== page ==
Impact of smoking on patients with stage III colon cancer: results from Cancer and Leukemia Group B 89803.
BACKGROUND: Cigarette smoking has been shown to increase the risk of developing colorectal cancer, particularly smoking early in life. Little is known about the impact of tobacco use on colon cancer recurrence among colon cancer survivors. METHODS: The authors prospectively collected lifetime smoking history from stage III colon cancer patients enrolled in a phase 3 trial via self-report questionnaires during and 6 months after completion of adjuvant chemotherapy. Smoking status was defined as never, current, or past. Lifetime pack-years were defined as number of lifetime packs of cigarettes. Patients were followed for recurrence or death. RESULTS: Data on smoking history were captured on 1045 patients with stage III colon cancer receiving adjuvant therapy (46% never smokers; 44% past; 10% current). The adjusted hazard ratio (HR) for disease-free survival (DFS) was 0.99 (95% confidence interval [CI], 0.70-1.41), 1.17 (95% CI 0.89-1.55), and 1.22 (95% CI 0.92-1.61) for lifetime pack-years 0-10, 10-20, and 20+, respectively, compared with never smoking (P = .16). In a preplanned exploratory analysis of smoking intensity early in life, the adjusted HR for 12+ pack-years before age 30 years for DFS was 1.37 (95% CI, 1.02-1.84) compared with never smoking (P = .04). The adjusted HR for DFS was 1.18 (95% CI, 0.92-1.50) for past smokers and 1.10 (95% CI, 0.73-1.64) for current smokers, compared with never smokers. CONCLUSIONS: Total tobacco usage early in life may be an important, independent prognostic factor of cancer recurrences and mortality in patients with stage III colon cancer.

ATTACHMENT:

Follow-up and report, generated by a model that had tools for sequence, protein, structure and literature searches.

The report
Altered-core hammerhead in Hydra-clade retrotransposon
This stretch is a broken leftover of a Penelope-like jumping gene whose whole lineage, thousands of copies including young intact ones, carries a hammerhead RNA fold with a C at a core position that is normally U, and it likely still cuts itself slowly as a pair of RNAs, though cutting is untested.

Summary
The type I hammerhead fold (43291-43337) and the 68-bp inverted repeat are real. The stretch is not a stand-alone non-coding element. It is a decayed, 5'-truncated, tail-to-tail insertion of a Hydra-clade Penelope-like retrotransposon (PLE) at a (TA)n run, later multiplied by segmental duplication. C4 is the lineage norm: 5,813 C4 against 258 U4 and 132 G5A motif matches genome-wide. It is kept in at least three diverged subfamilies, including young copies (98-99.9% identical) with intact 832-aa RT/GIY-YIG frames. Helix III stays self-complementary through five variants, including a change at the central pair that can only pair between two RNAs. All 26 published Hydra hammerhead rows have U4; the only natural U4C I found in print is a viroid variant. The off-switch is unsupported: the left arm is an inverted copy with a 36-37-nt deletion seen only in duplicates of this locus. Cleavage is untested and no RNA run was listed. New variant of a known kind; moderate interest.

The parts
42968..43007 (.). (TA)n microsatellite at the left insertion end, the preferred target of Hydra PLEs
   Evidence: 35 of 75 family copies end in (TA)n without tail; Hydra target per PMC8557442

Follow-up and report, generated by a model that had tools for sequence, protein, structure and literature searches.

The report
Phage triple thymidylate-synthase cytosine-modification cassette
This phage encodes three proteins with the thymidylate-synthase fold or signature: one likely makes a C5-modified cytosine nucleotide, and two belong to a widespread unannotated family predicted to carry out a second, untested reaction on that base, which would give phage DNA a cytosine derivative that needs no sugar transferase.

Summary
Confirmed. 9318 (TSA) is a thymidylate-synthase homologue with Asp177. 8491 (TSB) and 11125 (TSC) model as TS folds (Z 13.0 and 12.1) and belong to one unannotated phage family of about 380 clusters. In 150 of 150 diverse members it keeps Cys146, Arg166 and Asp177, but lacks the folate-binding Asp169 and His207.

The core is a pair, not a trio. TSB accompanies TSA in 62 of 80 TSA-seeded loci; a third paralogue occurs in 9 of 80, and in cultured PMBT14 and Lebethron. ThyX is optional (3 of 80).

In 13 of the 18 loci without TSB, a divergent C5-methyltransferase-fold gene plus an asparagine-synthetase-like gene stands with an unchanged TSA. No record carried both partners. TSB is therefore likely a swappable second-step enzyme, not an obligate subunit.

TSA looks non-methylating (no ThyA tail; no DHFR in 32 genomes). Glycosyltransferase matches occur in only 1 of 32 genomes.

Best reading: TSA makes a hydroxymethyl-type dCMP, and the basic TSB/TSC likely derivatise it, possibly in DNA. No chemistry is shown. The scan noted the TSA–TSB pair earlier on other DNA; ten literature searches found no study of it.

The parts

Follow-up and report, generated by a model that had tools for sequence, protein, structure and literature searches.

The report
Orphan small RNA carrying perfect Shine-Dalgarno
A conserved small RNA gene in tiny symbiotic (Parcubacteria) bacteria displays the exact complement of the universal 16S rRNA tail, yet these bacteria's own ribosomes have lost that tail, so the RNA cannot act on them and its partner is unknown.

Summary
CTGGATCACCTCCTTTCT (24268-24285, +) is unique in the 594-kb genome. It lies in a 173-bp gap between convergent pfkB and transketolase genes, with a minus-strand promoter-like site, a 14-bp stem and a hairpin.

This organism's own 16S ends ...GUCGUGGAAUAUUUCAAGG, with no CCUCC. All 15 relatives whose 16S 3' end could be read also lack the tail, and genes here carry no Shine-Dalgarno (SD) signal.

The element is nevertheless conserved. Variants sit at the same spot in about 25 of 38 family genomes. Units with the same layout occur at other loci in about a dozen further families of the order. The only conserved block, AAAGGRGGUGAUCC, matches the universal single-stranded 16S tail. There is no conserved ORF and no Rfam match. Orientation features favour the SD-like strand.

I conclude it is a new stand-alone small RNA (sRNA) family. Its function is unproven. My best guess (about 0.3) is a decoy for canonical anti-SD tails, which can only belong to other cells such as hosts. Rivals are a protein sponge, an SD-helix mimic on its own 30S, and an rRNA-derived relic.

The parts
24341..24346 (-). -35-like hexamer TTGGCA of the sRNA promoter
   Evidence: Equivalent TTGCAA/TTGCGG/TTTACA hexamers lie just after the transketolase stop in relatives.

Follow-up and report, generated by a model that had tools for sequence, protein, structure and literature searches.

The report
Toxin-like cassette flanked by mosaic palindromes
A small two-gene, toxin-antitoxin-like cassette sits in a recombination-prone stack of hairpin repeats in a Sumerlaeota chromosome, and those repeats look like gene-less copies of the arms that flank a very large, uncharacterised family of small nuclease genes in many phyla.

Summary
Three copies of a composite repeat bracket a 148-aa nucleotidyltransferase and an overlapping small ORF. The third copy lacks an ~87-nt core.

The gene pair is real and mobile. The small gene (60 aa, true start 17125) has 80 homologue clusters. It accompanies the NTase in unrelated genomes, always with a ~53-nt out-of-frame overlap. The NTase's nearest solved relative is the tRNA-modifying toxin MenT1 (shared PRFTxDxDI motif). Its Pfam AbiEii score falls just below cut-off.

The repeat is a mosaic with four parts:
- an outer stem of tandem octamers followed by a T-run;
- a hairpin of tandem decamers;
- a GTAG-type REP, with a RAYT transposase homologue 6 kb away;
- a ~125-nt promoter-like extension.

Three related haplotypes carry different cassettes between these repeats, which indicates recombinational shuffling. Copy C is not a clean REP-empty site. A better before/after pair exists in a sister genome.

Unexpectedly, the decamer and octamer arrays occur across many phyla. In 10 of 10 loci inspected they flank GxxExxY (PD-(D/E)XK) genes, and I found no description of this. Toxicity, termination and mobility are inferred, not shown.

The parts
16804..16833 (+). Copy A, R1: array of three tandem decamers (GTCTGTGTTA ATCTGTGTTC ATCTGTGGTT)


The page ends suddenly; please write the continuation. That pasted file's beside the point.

McCleary, NJ; Niedzwiecki, D; Hollis, D; Saltz, LB; Schaefer, P; Whittom, R; Hantel, A; Benson, A; Goldberg, R; Meyerhardt, JA
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